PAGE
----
## Stream: math-comp users

### Topic: `perm_eq` for swap

#### Pierre Jouvelot (Apr 24 2022 at 15:15):

I can see a way to try to prove this by cutting `s` into pieces, using `i1` and `i2` as boundaries, but before diving into this, I wonder whether there is more elegant way to prove this:

``````  lt1s : i1 < size s
lt2s : i2 < size s
============================
perm_eq [seq (if i == i2 then i1 else if i == i1 then i2 else i) | i <- iota 0 (size s)]
(iota 0 (size s))
``````

#### Pierre Roux (Apr 24 2022 at 15:39):

Maybe using `set_nth`?

#### Pierre Jouvelot (Apr 24 2022 at 16:24):

Ah, I hadn't considered this approach. Thanks for the idea :smile:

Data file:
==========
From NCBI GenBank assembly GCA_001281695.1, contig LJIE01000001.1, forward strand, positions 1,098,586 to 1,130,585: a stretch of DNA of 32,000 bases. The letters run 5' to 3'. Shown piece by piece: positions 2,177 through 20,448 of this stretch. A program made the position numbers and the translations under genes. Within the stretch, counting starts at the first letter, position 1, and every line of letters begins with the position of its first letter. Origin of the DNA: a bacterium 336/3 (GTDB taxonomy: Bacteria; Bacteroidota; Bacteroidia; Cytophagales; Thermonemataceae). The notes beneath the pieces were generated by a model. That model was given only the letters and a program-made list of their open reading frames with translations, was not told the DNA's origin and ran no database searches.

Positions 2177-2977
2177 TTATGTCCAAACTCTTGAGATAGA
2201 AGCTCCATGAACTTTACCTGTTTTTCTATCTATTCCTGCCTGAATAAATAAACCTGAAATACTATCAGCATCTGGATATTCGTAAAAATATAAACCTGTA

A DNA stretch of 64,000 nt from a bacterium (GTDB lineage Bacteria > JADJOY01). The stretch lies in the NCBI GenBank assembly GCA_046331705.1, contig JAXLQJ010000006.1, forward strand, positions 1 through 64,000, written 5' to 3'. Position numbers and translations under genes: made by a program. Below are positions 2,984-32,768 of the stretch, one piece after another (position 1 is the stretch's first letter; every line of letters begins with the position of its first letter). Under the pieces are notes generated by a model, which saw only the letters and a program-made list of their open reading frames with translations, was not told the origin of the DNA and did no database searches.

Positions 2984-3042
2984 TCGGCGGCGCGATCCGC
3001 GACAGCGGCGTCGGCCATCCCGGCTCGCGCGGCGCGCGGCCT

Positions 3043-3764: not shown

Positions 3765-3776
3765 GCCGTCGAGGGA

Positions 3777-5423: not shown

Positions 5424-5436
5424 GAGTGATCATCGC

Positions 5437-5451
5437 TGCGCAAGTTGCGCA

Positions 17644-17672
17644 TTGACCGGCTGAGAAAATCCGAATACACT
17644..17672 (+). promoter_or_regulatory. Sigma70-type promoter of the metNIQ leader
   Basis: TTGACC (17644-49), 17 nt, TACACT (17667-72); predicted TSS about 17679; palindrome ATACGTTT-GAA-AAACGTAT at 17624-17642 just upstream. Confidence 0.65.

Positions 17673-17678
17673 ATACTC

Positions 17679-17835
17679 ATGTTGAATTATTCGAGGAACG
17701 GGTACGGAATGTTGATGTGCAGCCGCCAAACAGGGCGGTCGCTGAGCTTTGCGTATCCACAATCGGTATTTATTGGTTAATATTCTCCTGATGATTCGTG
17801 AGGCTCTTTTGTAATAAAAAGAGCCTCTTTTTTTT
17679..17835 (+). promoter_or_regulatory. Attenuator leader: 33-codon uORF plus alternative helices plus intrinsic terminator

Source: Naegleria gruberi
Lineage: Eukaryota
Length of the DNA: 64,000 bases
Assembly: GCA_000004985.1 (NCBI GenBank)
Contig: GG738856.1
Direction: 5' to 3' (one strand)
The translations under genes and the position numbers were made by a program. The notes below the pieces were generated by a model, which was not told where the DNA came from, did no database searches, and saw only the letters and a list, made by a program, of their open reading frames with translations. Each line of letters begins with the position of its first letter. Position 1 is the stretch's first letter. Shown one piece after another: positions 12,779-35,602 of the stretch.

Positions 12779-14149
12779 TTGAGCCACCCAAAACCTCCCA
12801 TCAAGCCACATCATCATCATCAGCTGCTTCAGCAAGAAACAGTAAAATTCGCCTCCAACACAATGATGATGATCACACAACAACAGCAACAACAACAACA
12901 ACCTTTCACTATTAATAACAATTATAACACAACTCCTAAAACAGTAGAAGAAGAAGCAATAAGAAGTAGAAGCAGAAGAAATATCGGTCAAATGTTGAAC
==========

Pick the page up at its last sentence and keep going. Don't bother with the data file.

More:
#### Kazuhiko Sakaguchi (Apr 24 2022 at 17:09):

I think that relying on the definition of `perm_eq` or using `permP` is the easiest way to prove that. https://math-comp.github.io/htmldoc/mathcomp.ssreflect.seq.html#perm_eq

#### Pierre Roux (Apr 24 2022 at 18:18):

Indeed, and if you use `set_nth`, this PR may be useful: https://github.com/math-comp/math-comp/pull/877

#### Pierre Jouvelot (May 01 2022 at 19:00):

While thinking about all these interesting suggestions, I also figured out that using `uniq_perm` led to a somewhat short proof, using `map_uniq` and the fact that a transposition is an involution to prove the unicity of the transposed `iota`.

Last updated: Jul 15 2024 at 21:02 UTC